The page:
COVID-19: Reporting for the charities sector
The UK charities sector is highly regulated and even in ‘normal times’, trustees have a number of obligations placed on them. Combine that with the situation that the whole country now finds itself in and it places huge pressure on charity trustees, most of whom are enthusiast volunteers.
One of the many obligations that a charity must abide by is the requirement to report ‘any significant financial loss’ to the Charity Commission. However what does this actually mean for a charity in practice? Is this even still relevant in the current coronavirus pandemic?
It is well documented how charities are suffering during this pandemic in many ways. Charities that rely on visitors and their donations, such as religious organisations or venues like art galleries or museums are seeing themselves particularly hard hit, as are all non-health related charities. If all of these charities were to report ‘significant financial loss’, the Charity Commission could easily be overrun.
It is a difficult call for charities to make, particularly as the Charity Commission is asking trustees to err on the side of caution, but generally speaking a report should be made if:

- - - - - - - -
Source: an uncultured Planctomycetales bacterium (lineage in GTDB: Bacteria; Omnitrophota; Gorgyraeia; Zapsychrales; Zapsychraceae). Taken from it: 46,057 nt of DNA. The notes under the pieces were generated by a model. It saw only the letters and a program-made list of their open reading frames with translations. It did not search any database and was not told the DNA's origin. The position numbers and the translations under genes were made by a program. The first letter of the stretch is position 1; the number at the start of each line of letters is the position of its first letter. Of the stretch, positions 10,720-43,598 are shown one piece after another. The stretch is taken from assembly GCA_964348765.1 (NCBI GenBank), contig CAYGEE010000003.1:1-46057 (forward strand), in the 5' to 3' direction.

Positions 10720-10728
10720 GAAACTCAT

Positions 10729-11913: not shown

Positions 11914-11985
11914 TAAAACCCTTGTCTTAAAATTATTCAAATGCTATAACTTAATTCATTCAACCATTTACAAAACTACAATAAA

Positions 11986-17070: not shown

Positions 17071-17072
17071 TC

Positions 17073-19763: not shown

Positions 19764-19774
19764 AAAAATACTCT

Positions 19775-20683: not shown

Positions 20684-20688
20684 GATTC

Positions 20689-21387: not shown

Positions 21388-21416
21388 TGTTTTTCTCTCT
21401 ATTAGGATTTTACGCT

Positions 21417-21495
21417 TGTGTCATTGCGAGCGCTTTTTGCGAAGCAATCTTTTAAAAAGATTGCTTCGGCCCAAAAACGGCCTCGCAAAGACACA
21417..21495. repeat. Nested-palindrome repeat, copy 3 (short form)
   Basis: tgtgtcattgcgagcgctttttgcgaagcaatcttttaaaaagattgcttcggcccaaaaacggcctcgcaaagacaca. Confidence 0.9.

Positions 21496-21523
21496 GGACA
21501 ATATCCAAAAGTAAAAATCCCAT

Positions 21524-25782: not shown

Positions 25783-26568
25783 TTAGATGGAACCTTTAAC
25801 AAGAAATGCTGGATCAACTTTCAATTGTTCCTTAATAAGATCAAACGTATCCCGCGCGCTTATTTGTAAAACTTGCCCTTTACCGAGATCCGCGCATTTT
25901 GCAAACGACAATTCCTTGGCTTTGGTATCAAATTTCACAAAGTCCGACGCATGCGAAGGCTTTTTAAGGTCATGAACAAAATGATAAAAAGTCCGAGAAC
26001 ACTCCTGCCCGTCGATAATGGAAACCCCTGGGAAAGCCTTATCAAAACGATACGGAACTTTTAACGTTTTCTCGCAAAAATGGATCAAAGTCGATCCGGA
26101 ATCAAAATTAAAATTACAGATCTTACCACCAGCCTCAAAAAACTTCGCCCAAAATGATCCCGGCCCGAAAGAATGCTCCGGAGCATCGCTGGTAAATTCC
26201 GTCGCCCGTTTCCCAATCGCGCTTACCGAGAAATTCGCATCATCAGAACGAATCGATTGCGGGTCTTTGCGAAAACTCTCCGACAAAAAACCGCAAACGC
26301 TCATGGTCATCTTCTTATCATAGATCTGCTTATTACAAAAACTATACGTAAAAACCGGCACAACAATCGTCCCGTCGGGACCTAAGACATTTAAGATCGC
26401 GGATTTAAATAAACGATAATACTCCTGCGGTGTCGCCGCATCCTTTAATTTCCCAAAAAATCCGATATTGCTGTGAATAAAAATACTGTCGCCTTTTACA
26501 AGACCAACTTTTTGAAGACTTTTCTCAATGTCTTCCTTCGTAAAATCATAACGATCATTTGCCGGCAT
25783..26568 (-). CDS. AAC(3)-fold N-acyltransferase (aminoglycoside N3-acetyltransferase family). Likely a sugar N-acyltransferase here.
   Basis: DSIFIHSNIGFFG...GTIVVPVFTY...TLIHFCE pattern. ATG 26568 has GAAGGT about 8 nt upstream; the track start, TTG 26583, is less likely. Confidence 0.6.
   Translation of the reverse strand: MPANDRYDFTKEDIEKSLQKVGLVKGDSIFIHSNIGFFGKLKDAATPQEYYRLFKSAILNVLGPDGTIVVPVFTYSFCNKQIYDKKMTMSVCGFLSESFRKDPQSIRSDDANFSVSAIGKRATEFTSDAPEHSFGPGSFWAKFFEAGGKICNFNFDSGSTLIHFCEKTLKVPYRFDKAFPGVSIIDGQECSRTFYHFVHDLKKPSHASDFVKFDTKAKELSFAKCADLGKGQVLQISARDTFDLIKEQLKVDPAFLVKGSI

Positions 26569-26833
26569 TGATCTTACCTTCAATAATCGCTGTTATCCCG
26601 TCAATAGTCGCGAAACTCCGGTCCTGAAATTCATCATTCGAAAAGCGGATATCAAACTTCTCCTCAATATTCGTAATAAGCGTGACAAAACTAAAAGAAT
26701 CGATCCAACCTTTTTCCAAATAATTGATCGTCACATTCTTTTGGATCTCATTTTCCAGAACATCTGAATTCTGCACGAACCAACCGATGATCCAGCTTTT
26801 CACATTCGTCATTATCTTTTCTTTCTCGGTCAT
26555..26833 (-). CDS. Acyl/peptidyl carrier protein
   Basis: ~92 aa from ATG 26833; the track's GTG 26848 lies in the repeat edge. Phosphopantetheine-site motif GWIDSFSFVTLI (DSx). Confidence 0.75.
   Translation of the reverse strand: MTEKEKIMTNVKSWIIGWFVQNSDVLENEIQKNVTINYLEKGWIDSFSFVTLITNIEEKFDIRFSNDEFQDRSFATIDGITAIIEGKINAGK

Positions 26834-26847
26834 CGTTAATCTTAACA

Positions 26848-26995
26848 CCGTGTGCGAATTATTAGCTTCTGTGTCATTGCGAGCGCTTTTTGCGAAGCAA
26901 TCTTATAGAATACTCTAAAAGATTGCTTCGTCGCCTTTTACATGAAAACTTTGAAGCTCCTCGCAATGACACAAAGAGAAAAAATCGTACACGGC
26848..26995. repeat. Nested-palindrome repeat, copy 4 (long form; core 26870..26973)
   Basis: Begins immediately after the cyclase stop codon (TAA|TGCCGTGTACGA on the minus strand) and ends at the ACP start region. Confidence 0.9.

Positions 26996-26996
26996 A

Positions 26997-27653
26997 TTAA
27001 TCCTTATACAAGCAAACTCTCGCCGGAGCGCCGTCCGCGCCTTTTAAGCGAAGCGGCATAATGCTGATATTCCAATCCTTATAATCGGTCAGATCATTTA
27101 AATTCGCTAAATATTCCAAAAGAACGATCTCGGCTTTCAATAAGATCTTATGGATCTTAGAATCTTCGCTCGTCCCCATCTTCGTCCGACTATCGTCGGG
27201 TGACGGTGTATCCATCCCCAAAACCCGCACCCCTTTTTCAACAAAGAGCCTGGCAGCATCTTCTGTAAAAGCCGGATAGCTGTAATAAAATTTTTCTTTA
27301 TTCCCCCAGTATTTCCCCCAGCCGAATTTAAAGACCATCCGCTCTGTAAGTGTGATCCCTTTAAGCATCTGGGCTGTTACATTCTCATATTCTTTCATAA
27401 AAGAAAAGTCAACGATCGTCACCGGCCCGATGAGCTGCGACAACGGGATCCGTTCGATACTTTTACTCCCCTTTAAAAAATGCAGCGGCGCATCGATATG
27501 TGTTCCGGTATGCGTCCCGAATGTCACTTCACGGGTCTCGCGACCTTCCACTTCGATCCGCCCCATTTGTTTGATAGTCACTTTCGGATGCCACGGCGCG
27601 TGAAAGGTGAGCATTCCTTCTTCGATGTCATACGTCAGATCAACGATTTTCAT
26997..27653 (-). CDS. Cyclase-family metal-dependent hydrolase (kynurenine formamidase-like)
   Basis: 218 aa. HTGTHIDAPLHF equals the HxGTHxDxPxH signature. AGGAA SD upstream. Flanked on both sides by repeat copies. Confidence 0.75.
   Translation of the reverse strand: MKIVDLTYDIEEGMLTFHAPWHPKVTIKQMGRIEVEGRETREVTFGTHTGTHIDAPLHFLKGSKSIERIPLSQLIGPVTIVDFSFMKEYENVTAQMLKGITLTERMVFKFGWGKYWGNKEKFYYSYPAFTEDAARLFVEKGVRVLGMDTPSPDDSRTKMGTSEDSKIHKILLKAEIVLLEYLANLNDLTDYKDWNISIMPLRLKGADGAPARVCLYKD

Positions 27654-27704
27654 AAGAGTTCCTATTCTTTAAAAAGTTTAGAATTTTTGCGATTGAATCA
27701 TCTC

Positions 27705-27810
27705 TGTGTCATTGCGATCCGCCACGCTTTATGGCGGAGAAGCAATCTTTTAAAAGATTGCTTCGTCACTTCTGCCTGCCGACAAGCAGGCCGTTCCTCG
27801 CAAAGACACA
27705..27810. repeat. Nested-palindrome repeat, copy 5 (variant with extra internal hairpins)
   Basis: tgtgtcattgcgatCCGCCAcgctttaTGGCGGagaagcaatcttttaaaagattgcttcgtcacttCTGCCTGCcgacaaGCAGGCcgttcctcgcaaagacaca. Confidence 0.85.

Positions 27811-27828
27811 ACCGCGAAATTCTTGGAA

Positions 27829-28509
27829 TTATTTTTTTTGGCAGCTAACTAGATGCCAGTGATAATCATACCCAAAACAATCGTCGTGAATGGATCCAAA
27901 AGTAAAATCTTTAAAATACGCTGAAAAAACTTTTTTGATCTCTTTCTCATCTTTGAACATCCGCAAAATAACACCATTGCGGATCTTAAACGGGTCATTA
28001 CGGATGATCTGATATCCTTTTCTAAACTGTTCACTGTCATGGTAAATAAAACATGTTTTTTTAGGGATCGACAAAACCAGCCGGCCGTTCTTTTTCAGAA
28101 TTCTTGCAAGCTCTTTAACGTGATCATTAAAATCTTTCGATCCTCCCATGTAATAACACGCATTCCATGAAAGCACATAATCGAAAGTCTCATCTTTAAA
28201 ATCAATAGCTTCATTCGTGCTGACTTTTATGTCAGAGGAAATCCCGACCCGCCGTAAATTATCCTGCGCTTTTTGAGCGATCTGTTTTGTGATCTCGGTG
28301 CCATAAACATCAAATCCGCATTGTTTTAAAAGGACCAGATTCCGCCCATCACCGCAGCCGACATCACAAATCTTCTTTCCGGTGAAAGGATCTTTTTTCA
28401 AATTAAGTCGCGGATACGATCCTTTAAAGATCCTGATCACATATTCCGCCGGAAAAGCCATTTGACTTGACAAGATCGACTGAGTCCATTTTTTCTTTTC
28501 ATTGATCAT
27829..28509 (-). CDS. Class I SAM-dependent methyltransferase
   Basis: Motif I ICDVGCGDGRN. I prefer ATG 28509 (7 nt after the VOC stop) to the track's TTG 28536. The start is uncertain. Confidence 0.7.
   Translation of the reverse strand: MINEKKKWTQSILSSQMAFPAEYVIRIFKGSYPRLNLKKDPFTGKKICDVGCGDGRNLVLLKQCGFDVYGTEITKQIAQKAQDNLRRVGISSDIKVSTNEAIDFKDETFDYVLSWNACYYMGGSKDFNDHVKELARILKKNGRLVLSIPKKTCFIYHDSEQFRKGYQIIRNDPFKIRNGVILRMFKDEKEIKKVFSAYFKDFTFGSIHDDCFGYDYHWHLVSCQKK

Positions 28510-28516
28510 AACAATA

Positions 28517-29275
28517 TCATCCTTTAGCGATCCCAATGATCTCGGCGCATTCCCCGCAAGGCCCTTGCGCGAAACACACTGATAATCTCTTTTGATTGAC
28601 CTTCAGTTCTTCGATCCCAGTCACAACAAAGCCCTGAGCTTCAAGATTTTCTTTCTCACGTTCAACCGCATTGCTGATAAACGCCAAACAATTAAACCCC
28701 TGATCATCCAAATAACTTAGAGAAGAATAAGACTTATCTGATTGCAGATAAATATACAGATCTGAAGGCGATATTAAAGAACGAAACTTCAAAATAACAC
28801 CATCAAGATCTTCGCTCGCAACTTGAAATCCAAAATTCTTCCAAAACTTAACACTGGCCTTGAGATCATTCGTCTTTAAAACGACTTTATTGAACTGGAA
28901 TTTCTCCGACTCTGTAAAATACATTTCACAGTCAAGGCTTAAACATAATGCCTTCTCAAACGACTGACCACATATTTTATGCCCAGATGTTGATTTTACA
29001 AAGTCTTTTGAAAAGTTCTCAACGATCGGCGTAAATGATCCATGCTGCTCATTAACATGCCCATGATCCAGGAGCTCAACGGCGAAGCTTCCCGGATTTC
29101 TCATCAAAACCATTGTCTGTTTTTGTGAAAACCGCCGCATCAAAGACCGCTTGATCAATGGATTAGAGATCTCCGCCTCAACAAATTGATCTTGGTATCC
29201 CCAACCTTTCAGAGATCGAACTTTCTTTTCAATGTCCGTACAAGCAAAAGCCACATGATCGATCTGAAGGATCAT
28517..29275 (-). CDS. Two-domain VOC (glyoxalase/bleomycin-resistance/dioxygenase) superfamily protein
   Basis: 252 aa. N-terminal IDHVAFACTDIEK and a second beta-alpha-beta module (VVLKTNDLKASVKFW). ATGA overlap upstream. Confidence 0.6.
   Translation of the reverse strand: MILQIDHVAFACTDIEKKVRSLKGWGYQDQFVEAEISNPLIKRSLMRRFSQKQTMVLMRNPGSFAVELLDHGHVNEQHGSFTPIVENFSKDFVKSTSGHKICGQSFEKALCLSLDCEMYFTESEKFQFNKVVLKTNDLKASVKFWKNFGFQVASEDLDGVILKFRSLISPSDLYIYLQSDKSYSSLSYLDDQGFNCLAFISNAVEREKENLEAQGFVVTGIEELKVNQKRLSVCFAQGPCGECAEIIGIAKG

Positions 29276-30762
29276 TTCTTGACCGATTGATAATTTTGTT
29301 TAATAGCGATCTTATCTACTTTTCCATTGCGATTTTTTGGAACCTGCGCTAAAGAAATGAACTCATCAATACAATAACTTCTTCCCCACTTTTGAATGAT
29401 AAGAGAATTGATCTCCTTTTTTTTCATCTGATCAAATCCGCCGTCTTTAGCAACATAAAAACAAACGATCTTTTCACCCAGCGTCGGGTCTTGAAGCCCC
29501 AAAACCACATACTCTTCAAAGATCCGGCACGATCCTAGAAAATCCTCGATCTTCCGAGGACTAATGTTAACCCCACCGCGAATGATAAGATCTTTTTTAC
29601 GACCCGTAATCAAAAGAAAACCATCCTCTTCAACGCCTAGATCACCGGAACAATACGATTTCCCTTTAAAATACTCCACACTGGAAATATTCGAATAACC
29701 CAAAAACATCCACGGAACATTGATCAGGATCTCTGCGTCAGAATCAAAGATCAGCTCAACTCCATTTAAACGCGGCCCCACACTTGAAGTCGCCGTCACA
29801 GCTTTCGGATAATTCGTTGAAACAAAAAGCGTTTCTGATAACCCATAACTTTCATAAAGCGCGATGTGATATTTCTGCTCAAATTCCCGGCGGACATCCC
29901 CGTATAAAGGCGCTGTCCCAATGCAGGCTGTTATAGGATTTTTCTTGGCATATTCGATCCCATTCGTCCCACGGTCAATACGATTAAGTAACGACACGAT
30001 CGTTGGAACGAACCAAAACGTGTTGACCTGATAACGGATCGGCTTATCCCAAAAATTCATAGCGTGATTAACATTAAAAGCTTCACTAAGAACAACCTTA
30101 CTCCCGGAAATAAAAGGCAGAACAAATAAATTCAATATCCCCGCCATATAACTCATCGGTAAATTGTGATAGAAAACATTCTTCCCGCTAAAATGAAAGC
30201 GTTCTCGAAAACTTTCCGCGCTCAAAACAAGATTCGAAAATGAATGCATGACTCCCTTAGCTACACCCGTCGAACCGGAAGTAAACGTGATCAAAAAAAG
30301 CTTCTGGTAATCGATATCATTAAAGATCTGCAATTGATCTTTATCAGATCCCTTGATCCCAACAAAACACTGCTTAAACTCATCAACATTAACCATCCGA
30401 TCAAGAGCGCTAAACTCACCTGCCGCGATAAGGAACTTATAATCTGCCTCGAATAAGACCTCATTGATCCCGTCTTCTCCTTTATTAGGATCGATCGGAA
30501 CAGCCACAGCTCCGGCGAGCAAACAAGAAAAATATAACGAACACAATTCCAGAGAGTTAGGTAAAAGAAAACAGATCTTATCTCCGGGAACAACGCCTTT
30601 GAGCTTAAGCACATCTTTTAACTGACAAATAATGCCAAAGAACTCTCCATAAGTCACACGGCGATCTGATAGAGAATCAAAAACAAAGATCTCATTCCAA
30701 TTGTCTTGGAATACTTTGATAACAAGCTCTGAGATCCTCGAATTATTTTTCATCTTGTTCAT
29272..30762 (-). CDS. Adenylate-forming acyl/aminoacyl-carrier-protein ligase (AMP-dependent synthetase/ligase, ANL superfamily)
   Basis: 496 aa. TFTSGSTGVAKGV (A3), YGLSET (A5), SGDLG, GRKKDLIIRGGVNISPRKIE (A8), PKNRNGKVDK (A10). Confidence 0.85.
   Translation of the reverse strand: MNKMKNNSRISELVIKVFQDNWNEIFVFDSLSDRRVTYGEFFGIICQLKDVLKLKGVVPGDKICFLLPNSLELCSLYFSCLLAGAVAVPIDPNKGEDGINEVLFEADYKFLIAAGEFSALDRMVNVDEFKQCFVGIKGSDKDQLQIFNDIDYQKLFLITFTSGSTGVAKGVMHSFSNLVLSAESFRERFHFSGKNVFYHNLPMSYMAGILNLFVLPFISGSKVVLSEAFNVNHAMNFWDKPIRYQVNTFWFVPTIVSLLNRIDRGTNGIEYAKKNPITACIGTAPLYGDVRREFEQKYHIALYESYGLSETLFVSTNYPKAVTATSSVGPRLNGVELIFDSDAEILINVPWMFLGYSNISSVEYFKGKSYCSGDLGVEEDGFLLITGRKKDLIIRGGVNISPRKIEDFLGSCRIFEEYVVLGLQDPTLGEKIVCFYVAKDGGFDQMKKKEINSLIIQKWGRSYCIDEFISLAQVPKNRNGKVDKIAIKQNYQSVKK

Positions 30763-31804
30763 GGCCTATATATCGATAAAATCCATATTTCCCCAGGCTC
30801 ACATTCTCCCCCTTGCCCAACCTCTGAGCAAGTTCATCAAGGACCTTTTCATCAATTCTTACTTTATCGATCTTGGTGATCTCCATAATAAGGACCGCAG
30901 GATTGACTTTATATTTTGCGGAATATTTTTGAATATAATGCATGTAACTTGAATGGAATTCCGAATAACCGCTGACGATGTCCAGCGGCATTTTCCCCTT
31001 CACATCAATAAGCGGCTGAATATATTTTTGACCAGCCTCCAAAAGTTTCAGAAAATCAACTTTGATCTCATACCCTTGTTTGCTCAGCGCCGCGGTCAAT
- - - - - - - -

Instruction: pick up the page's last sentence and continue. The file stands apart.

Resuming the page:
- The charity is looking at any loss of funds or property totalling £25,000 or more; or
- If the figure is less than £25,000, but the amount of loss is in excess of 20% of the charity’s income.
Of course during this time of change, as well as reviewing their financial positions, all charity trustees should be reviewing and planning for the future looking at how the current pandemic is affecting their own operation. Is their ability to comply with the charitable objectives either now and in the future being jeopardised? Staff on furlough leave, possible redundancies, the loss of premises or assets for example will all have a massive impact.
With over 168,000 charities contributing £17.1bn to the UK economy they are a hugely important part of the business landscape. Trustees are advised to discuss the position with a legal adviser and take a holistic approach as to whether the current situation poses a significant threat to the solvency of the charity. At the forefront of minds should be whether the current economic climate is enough of a significant impact upon the charity’s operations and will therefore cause serious harm to the charity’s work now or in the future.
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General advice in relation to COVID-19 can be found on our dedicated coronavirus resource hub.